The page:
The trial is also a precedent for nonpharmaceutical entities to fund head-to-head clinical trials when pharmas are not willing.
Although the costs are high, they're miniscule compared to the potential savings from avoiding widescale use of Lucentis.
Until now, the problem for payers, policymakers, and prescribers was that funding head-to-head trials has been prohibitively
expensive. However, if real-life data from healthcare utilization databases can be used to make head-to-head comparisons routine,
Pandora's box will be opened.
But questions remain. In supporting this trial, the NIH is effectively funding Avastin's off-label use. Should the trial results
support Avastin for wet AMD, there is no clarity yet on whether there will be a move to give it a label for this indication—or
who would do so. Genentech has emphasized that it undertook intensive, meticulous, and expensive research to develop Lucentis
specifically for the eye. The unintended consequences of this trial could lead to a hesitance in Big Pharma to pursue important
R&D if payers are unwilling to share the cost of development.
5. STEPPING UP
A Win-Win for Access to Market and Treatment
It's been 133 years since Aaron Montgomery Ward, founder of the world's first dry-goods mail-order business, broke with the
tradition of caveat emptor ("let the buyer beware") and offered customers their money back if they weren't satisfied with their purchases. The money
back guarantee remains special today because life holds few guarantees. As actor Clint Eastwood once said, "If you want a
guarantee, buy a toaster." Now the same may be true for pharmaceuticals.
After the UK's National Health Service (NHS) declined to pay for Johnson & Johnson's leukemia drug Velcade, J&J proposed an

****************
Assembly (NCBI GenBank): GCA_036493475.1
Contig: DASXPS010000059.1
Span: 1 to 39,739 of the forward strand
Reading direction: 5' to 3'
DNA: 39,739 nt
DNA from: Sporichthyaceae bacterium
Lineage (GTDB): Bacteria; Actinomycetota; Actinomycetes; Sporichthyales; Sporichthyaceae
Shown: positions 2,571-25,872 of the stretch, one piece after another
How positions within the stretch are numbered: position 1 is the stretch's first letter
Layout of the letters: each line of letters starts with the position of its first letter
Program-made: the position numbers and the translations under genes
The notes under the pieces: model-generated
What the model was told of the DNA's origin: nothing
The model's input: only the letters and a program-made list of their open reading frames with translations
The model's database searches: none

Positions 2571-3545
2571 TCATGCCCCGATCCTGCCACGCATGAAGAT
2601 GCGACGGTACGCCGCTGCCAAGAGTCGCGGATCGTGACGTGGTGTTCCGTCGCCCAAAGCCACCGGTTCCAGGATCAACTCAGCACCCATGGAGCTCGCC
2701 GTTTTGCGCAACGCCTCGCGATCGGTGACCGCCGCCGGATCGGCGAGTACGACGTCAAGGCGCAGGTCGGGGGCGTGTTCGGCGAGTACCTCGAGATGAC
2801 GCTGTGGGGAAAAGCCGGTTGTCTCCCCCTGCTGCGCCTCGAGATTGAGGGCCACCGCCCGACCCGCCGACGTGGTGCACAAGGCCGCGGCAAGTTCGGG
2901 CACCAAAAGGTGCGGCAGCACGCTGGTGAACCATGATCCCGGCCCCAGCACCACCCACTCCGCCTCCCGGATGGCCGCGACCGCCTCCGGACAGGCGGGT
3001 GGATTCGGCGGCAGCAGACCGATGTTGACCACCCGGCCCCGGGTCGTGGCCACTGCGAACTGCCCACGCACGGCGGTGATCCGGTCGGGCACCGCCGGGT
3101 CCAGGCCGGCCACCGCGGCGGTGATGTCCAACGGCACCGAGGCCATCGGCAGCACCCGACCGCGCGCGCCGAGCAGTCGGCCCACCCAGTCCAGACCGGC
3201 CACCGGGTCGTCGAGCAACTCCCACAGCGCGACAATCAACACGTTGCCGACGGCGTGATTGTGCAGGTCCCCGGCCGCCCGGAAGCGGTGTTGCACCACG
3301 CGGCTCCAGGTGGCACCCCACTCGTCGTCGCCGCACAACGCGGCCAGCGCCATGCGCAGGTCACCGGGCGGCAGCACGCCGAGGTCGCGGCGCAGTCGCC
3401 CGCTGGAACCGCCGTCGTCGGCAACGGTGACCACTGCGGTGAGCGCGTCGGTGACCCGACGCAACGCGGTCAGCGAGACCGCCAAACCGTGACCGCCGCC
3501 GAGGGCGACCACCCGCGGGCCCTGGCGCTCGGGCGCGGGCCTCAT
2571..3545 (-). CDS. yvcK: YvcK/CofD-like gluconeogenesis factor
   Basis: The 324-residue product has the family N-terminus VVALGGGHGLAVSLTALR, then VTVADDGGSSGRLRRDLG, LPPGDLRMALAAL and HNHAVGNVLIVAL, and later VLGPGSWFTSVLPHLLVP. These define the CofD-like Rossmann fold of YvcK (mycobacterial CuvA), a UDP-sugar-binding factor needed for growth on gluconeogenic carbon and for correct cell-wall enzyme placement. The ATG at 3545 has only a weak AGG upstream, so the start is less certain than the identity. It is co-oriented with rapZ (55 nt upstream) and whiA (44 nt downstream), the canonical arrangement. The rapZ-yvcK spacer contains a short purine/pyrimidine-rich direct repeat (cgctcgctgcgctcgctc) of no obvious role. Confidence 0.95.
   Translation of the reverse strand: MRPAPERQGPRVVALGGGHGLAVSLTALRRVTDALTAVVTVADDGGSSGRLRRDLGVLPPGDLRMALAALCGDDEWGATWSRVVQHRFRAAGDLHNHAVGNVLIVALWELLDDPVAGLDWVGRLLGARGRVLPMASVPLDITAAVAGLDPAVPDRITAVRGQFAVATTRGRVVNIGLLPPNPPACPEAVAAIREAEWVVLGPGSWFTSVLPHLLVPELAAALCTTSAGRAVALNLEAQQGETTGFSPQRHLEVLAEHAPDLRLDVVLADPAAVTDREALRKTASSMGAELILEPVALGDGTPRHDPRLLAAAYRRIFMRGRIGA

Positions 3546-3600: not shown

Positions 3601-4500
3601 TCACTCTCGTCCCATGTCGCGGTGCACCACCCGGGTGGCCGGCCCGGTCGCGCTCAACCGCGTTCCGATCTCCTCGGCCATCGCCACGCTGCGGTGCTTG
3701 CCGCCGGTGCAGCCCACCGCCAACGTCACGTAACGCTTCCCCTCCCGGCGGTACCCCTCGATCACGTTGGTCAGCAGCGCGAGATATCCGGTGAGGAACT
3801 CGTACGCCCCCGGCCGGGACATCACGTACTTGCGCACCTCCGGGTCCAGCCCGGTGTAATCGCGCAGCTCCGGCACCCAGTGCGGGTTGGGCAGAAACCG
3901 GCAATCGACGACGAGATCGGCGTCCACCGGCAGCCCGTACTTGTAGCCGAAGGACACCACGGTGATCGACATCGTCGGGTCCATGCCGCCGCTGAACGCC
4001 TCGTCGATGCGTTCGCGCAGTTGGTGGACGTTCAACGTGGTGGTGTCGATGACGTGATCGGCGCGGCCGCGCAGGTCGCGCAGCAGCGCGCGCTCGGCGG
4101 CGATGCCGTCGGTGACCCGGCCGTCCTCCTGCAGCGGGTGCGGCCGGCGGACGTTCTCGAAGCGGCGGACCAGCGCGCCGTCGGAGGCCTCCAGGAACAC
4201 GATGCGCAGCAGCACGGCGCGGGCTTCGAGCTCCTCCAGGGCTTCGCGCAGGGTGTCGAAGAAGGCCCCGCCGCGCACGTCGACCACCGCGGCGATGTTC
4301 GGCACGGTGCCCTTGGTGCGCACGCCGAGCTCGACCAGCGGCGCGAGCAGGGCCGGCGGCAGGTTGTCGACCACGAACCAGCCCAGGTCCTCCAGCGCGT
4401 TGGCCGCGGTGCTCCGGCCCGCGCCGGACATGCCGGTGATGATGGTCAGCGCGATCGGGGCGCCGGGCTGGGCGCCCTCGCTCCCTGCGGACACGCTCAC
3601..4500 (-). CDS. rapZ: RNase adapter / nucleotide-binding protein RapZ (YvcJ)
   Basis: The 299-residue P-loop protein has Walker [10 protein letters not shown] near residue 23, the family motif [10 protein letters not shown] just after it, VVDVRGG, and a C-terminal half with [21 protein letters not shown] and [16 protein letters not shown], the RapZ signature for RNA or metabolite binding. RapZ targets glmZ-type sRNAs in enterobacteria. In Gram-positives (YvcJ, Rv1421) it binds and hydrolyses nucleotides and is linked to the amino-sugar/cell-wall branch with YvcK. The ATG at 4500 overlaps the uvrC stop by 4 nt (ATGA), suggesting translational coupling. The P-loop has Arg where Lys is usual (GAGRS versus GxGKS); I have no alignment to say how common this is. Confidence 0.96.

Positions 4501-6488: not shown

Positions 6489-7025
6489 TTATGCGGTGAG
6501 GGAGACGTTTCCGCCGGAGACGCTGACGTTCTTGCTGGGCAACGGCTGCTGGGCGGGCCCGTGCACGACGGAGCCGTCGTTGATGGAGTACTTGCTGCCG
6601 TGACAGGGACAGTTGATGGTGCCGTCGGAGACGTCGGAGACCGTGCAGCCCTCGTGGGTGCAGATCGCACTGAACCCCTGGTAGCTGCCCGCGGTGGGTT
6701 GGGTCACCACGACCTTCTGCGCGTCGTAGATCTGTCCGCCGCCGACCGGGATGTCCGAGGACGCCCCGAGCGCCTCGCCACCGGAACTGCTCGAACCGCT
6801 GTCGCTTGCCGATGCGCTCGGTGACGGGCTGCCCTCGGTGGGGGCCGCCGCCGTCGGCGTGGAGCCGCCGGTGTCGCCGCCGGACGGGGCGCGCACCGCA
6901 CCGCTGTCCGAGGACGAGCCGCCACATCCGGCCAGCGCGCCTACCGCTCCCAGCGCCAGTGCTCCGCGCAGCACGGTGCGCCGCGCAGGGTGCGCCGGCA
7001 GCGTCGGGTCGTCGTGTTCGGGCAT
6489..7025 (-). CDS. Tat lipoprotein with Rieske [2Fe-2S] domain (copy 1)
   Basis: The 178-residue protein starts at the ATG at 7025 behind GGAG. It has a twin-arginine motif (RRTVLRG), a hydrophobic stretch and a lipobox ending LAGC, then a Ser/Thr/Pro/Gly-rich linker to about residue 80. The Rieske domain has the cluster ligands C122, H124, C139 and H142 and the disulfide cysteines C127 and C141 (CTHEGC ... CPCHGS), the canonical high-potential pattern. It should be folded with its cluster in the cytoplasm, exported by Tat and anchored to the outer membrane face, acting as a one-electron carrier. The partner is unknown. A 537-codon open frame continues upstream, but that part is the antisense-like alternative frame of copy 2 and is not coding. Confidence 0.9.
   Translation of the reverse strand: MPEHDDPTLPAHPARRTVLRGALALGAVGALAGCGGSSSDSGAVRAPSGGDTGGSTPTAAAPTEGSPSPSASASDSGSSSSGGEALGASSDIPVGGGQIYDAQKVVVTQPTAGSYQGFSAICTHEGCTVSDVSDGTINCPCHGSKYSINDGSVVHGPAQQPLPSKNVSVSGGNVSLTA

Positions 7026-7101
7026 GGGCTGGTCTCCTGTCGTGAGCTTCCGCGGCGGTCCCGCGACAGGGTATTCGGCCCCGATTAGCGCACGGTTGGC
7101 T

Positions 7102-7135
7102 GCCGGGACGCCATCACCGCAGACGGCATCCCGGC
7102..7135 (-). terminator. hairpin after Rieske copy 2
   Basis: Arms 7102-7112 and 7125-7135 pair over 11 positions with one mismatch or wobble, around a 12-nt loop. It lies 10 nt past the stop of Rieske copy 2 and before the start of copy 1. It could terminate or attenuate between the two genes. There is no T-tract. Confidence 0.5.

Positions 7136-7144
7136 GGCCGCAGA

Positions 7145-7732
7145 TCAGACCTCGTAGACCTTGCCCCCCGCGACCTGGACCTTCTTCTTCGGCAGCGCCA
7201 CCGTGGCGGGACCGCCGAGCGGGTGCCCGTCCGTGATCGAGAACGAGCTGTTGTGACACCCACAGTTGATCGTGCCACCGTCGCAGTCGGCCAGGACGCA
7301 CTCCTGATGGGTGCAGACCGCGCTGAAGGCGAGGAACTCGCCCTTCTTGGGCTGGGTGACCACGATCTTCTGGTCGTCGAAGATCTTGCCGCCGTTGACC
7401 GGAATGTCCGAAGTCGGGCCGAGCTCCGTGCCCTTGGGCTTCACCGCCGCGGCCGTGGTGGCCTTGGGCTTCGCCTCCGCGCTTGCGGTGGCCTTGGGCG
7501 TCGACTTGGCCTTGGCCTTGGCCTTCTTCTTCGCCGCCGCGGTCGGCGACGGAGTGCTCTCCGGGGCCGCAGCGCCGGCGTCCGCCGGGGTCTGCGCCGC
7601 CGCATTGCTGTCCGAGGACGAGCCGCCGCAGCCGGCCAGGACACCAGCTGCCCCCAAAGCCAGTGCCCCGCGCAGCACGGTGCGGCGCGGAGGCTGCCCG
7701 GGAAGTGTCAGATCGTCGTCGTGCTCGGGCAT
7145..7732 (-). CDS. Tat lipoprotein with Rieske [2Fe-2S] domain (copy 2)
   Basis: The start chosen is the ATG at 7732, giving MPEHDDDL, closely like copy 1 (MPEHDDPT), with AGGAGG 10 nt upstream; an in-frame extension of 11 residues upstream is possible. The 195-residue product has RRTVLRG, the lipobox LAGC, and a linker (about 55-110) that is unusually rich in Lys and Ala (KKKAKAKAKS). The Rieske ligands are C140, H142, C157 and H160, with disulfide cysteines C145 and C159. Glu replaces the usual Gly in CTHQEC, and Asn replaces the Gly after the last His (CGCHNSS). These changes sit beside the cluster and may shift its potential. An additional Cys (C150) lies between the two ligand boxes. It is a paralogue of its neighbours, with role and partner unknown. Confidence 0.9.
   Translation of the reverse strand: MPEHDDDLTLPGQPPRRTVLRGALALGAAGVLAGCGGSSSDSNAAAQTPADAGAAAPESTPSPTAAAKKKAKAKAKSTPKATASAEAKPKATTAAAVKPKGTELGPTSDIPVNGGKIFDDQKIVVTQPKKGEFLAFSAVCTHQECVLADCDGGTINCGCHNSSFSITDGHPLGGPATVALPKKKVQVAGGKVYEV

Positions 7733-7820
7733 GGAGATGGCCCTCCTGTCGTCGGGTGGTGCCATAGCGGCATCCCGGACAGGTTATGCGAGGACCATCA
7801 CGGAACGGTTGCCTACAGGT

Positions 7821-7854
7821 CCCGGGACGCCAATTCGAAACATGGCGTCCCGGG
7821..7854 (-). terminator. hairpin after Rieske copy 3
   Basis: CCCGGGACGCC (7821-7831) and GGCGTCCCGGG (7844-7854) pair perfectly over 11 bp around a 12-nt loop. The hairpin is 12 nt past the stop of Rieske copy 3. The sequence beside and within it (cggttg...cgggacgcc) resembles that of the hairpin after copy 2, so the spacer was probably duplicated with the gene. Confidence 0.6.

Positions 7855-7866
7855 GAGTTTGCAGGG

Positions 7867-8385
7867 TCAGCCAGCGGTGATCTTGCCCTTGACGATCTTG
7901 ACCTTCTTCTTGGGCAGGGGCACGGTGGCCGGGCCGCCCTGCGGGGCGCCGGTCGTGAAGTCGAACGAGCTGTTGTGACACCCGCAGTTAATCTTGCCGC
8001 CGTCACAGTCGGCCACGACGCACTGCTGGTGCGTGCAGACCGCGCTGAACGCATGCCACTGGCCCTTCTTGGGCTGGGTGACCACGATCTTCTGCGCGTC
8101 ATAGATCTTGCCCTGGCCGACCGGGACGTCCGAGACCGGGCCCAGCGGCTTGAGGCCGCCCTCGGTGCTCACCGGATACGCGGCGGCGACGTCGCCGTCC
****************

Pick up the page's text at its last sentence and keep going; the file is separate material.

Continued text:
arrangement whereby NHS need only pay for the treatment in patients for whom it proves effective, as evidenced by a blood
test. In the absence of such proof, the treatment for that patient will be discontinued, and J&J will reimburse the NHS for
the entire treatment cost. With proof that the patient is responding sufficiently, the treatment will continue, and NHS will
continue to pay. The cost of treating a patient up to the point of the go/no-go blood test is about $24,000.
In the past, companies have had to contend with conditional reimbursement on the part of payers based on discount pricing,
sliding-scale partial-reimbursement schemes, and temporary price cuts. This is the first time that a pharma has issued a performance-based,
money back guarantee. With this pledge, J&J has promised not merely to share the risk, but to bear it completely. J&J has
thus become more invested than ever before in the actual practice of medicine.
It's not surprising that the initial case of risk transfer to a pharma manufacturer involves an oncology treatment. Sales
of oncology products in the UK increased from $500 million in 2002 to $1.5 billion in 2007, growing at an average compound
rate of 18.9 percent (in constant US dollars). Finding a way to afford oncology treatments—and to justify the expense—has
become a struggle for payers.
The Velcade deal is likely not the last of its kind. The situation underscores the point that manufacturers must present compelling
evidence of the value of their medicines when seeking reimbursement. If payers remain unconvinced by clinical trials and outcomes
research, they are ready to deny coverage. This elevates the need to agree on the standard of proof. In the J&J/NHS agreement,
the parties ultimately agreed that a 50 percent reduction in a protein produced by the tumor suggests that the drug is working
sufficiently for it to be covered.
Agreements such as this suggest that pharmas may seek to be more engaged in what happens with their products after they're
shipped. To ensure the optimal outcome for the patient, a medication must be prescribed properly, be taken as prescribed,
and be part of a treatment plan that includes the right ancillary support.
If the J&J/NHS agreement plays out as expected, more UK patients will have an opportunity to try Velcade. But some will have
to stop their treatment at the therapy midpoint if they do not respond fast enough. In theory, this is easier to explain to
a patient than flatly refusing to cover a treatment from the beginning.